New SMART Boards Are Smart Indeed

0
25

Over the course of the fall term, students have noticed the transition from the projector SMART Boards to the new and improved units.

The Jericho School District had been using the old SMART Boards, SB660, for around 15 years. Curriculum Associate of English Language Arts Dr. Daniel Salzman helped lead an initiative to bring the technology to Jericho. He said, “I was a part of a team consisting of the Director of Technology at the time, Mark Steinberger, and our Superintendent, Henry Grishman. We went to a neighboring school district and saw the SMART Boards in action.”

Fifteen successful years later, the Jericho School District decided that it was time for an upgrade. Director of Educational Technology Patrick Fogarty said, “The boards were getting kind of old and some of them weren’t working very well. There were a lot of times where teachers were talking to us about them not functioning.”

One of the issues with the older models was that they used a projector for the screen, which made it easy for the teachers to walk through and disturb the projection.

The new SMART Boards contain many updated features including a different erasing style, fewer pens and screen sharing. “Everybody in the class can stream, but you have to be allowed by the teacher. You can’t just jump in,” said Dr. Fogarty.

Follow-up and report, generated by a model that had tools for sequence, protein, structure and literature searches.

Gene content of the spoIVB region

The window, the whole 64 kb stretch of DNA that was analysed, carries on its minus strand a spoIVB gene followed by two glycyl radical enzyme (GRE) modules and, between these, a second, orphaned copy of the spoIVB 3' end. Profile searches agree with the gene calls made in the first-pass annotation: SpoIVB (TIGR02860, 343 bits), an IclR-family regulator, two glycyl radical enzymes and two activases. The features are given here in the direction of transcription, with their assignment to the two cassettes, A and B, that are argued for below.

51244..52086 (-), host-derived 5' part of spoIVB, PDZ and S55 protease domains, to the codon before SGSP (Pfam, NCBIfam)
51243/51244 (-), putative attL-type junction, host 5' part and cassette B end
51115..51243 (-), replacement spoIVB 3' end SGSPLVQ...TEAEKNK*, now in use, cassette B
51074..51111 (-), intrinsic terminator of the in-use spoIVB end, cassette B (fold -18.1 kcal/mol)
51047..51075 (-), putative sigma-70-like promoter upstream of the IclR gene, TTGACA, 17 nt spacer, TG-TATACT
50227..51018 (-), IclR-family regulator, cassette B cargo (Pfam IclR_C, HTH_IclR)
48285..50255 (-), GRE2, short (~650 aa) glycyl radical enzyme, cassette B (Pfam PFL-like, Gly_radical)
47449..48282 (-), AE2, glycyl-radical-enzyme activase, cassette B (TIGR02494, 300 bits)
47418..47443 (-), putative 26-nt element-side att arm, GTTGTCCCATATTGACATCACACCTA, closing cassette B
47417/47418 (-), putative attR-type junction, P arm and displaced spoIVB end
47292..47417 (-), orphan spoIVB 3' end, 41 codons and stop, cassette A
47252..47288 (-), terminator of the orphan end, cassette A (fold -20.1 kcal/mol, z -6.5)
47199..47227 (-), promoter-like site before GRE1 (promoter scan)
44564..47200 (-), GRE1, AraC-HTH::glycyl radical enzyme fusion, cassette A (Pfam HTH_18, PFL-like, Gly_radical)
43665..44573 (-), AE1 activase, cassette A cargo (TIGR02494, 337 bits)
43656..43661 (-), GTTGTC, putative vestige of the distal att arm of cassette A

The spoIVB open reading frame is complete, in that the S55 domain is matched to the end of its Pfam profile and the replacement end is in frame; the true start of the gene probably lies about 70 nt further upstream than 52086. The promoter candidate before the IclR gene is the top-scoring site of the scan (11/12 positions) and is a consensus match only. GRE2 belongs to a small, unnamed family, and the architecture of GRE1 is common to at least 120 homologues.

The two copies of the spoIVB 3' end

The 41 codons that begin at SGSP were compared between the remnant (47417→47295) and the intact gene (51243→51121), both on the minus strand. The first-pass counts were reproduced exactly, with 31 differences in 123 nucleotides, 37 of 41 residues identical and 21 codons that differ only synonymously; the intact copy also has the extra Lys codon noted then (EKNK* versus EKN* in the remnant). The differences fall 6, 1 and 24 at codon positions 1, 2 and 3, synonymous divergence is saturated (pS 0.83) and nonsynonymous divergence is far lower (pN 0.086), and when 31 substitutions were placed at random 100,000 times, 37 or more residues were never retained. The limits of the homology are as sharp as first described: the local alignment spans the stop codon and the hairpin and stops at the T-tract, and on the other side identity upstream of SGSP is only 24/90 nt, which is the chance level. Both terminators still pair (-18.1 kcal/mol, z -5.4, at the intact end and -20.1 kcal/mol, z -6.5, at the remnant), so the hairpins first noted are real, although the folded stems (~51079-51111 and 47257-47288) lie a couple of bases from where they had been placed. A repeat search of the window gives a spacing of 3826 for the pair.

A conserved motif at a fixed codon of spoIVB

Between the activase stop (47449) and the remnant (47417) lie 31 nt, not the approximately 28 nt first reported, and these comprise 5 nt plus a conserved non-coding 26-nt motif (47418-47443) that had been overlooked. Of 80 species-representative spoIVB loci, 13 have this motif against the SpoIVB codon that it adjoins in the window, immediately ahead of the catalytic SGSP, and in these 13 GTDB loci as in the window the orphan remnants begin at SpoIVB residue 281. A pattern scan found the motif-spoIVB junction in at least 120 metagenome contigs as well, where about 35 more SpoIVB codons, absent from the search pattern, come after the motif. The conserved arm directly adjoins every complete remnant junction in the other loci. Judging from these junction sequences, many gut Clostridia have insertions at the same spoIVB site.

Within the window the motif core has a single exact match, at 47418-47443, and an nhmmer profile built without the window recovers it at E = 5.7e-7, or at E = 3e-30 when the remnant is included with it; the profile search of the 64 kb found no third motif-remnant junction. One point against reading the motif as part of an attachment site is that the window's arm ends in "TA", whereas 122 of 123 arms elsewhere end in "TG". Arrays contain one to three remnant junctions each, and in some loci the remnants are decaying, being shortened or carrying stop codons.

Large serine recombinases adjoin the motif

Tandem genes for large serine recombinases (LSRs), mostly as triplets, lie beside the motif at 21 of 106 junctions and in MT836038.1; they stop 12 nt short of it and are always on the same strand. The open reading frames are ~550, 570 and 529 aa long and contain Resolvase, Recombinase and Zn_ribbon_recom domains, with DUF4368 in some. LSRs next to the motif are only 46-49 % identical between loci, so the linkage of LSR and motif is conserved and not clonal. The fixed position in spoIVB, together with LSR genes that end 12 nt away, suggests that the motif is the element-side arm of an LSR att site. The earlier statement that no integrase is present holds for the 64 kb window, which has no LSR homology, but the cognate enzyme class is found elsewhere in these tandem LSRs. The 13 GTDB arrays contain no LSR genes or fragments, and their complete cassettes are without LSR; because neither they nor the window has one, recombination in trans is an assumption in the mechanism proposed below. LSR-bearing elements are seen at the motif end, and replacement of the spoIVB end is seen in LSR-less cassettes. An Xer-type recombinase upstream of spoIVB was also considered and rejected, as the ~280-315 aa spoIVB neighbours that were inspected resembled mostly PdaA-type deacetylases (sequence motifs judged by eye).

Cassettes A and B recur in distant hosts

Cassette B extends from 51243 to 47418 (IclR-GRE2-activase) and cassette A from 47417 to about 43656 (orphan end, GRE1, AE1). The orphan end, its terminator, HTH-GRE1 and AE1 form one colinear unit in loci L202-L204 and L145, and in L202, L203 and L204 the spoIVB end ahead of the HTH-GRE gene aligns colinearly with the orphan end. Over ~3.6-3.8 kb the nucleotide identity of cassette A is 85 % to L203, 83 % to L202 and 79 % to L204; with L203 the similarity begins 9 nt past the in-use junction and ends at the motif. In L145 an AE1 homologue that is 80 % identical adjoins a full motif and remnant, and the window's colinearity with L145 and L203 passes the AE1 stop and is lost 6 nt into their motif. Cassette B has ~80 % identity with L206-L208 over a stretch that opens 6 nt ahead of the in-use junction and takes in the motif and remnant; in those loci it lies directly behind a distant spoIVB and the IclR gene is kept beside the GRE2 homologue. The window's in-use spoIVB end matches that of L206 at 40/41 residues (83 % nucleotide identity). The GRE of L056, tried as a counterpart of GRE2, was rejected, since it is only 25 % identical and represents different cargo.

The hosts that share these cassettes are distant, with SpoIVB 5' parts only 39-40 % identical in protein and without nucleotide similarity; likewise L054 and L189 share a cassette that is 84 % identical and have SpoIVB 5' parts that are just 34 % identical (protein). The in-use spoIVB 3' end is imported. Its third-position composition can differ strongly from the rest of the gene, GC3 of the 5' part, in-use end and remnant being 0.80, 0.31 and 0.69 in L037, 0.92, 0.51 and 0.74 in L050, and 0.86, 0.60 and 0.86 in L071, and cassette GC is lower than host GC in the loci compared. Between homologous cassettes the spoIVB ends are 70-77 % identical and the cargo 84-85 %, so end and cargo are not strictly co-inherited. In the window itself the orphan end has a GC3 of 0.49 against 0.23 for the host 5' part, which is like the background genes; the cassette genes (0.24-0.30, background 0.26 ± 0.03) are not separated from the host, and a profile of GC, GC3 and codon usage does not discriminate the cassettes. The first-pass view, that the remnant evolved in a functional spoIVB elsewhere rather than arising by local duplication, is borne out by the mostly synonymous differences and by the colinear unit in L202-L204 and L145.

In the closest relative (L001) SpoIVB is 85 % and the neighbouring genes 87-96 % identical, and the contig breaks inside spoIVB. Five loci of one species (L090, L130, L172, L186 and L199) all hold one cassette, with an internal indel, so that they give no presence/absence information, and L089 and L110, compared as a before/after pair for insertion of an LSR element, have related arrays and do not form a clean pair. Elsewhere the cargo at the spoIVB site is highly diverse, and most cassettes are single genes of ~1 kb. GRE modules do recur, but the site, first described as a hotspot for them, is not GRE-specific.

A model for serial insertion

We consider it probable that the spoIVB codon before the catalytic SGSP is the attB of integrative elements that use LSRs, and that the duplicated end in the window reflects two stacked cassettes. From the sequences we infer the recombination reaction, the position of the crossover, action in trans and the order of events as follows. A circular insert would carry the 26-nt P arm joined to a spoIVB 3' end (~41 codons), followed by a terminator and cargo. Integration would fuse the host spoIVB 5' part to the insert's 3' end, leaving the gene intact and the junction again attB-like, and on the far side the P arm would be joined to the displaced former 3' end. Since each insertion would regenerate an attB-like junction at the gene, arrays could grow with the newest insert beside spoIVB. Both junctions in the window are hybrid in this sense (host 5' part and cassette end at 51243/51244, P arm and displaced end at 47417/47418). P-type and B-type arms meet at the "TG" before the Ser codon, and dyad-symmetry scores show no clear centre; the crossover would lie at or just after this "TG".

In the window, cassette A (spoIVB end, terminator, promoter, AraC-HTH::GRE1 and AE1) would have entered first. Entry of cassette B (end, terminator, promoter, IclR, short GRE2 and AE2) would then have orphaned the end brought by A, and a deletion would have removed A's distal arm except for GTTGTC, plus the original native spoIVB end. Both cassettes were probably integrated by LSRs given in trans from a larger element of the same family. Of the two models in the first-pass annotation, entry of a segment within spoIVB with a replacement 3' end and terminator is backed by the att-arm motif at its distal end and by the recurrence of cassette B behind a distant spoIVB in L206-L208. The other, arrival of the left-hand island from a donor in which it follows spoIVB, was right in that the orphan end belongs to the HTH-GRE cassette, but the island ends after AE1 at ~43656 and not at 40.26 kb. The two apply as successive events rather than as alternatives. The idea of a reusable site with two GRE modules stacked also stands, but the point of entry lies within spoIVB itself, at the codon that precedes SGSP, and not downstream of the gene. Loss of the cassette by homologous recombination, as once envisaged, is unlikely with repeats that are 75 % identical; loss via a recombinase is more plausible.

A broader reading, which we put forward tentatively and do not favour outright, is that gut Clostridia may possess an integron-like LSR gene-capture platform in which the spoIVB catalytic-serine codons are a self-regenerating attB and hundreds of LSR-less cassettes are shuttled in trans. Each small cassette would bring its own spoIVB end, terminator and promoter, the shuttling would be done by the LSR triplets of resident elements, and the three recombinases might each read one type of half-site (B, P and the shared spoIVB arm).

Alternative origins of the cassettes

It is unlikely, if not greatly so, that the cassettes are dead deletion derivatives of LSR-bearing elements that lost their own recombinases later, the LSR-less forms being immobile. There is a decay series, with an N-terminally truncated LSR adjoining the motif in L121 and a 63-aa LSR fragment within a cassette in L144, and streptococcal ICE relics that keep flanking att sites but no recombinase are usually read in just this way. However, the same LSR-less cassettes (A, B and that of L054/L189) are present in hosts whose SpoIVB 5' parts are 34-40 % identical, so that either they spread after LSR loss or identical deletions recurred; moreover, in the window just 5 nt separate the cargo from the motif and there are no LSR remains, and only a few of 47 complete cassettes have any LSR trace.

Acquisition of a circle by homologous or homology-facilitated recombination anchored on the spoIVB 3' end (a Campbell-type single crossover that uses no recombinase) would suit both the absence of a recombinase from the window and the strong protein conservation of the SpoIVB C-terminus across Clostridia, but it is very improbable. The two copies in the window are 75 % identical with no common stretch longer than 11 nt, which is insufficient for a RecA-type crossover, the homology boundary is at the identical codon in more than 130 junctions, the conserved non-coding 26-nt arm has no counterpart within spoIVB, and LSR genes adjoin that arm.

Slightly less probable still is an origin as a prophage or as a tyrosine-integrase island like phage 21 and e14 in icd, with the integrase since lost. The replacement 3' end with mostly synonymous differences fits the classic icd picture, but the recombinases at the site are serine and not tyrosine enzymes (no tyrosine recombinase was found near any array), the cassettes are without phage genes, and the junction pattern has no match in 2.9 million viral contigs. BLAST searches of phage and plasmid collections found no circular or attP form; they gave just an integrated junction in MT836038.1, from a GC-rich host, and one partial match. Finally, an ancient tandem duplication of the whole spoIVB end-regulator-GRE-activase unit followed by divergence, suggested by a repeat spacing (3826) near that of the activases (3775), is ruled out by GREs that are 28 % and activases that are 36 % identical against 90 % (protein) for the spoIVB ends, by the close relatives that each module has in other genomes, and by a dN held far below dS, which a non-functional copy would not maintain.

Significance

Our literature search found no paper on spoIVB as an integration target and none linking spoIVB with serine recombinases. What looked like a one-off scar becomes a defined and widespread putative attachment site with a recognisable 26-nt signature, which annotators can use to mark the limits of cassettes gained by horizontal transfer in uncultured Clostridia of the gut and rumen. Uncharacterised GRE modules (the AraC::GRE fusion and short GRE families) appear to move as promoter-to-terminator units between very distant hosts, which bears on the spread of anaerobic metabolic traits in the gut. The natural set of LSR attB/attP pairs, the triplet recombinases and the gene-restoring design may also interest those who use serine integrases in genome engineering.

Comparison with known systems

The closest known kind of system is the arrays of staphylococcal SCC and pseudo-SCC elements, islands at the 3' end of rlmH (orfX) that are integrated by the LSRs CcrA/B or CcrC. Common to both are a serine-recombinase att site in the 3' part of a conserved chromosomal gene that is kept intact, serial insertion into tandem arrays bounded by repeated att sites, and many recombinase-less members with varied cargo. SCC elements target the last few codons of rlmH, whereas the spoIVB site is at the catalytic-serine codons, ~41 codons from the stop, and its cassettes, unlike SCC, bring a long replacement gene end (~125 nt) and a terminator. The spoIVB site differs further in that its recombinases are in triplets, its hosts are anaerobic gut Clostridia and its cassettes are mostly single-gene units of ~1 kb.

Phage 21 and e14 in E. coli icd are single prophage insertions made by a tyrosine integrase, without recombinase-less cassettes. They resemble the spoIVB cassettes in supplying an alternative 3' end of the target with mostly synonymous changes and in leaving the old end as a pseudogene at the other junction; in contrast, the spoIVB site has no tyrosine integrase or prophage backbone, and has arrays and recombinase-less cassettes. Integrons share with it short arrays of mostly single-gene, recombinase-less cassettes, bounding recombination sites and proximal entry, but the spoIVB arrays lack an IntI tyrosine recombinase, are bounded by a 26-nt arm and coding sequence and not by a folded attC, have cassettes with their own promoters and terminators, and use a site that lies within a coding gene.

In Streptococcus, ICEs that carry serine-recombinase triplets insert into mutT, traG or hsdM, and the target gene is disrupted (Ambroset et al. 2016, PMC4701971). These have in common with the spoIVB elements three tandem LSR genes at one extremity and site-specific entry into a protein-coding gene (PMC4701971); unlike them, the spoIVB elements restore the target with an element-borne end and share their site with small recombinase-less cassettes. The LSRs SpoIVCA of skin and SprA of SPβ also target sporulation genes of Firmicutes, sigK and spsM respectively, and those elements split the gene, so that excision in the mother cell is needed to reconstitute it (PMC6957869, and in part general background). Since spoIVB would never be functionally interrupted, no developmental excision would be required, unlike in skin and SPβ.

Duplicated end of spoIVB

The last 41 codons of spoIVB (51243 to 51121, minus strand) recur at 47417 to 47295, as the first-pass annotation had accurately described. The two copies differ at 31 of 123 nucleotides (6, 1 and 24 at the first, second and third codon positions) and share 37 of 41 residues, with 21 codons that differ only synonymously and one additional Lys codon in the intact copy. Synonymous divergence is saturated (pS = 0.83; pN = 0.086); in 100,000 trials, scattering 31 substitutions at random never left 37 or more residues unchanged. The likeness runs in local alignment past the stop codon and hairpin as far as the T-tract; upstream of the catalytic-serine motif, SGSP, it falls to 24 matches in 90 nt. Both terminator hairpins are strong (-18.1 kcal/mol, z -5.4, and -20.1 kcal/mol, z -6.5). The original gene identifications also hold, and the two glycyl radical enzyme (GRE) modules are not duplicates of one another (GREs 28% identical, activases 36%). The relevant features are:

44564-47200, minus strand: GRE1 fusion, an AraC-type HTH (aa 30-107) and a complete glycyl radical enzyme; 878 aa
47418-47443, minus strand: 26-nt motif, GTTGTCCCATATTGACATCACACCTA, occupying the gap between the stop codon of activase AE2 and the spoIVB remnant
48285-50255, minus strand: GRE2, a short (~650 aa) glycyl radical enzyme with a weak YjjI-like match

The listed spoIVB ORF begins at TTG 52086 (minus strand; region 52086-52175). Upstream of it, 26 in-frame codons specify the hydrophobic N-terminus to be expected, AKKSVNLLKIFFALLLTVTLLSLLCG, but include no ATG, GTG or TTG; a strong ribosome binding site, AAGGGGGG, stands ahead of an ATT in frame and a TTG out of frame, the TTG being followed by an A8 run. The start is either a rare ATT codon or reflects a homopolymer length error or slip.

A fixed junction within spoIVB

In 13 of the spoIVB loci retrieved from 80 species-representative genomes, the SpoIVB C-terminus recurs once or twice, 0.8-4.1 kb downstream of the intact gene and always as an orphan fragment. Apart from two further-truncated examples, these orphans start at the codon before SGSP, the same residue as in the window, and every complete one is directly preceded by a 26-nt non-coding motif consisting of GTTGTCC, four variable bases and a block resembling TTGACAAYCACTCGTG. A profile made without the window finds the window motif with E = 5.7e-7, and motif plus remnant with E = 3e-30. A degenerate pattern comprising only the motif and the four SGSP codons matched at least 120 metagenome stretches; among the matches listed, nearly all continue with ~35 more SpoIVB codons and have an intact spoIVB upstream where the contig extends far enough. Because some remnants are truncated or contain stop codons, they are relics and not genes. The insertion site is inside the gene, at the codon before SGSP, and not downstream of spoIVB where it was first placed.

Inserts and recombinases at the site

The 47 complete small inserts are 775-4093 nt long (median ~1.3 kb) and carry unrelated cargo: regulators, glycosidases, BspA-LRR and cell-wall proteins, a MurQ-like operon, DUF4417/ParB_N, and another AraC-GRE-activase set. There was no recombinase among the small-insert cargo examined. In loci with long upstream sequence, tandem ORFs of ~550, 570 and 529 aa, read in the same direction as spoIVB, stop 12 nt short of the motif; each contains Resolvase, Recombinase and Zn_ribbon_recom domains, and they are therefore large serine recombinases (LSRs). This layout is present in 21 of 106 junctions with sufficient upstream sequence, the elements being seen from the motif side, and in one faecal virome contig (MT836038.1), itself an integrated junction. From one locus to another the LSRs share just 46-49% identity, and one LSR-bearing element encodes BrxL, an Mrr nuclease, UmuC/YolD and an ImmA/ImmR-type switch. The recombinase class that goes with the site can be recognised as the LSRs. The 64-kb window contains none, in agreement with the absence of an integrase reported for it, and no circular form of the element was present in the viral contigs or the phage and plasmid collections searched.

Another new feature is their higher sensitivity. Dr. Fogarty explained that the new SMART Boards don’t need to be physically calibrated, a time-consuming process that, in the past, needed to happen as often as multiple times a day.

Senior William Y. said “I think I like the SMART Boards a little more. It’s a little more accurate than the ones before because the ones before were constantly miscalibrated and all that, it was just driving everybody insane.”

On the other hand, junior Jennifer A. is less enthusiastic about the increased sensitivity. She said, “I think it looks really good until the SMART Board has a mind of its own whenever a single hair lays on it and it moves.”

While sensitivity and struggling to use the boards is a current problem, with more and more teacher training, the new technology will improve learning substantially.

Dr. Salzman compared the process to getting a new toy or video game. “When you’re a gamer, you might get a new controller and it’s a new layout of buttons. You could claim it’s affecting your performance in the game, but once you know how to use it, your performance will improve,” he said.

Currently, the goal is to have every classroom outfitted with a new SMART Board. This pleases Dr. Salzman. “Anytime you can get something state of the art, it’s a win for both students and teachers,” he said.

Leave a Reply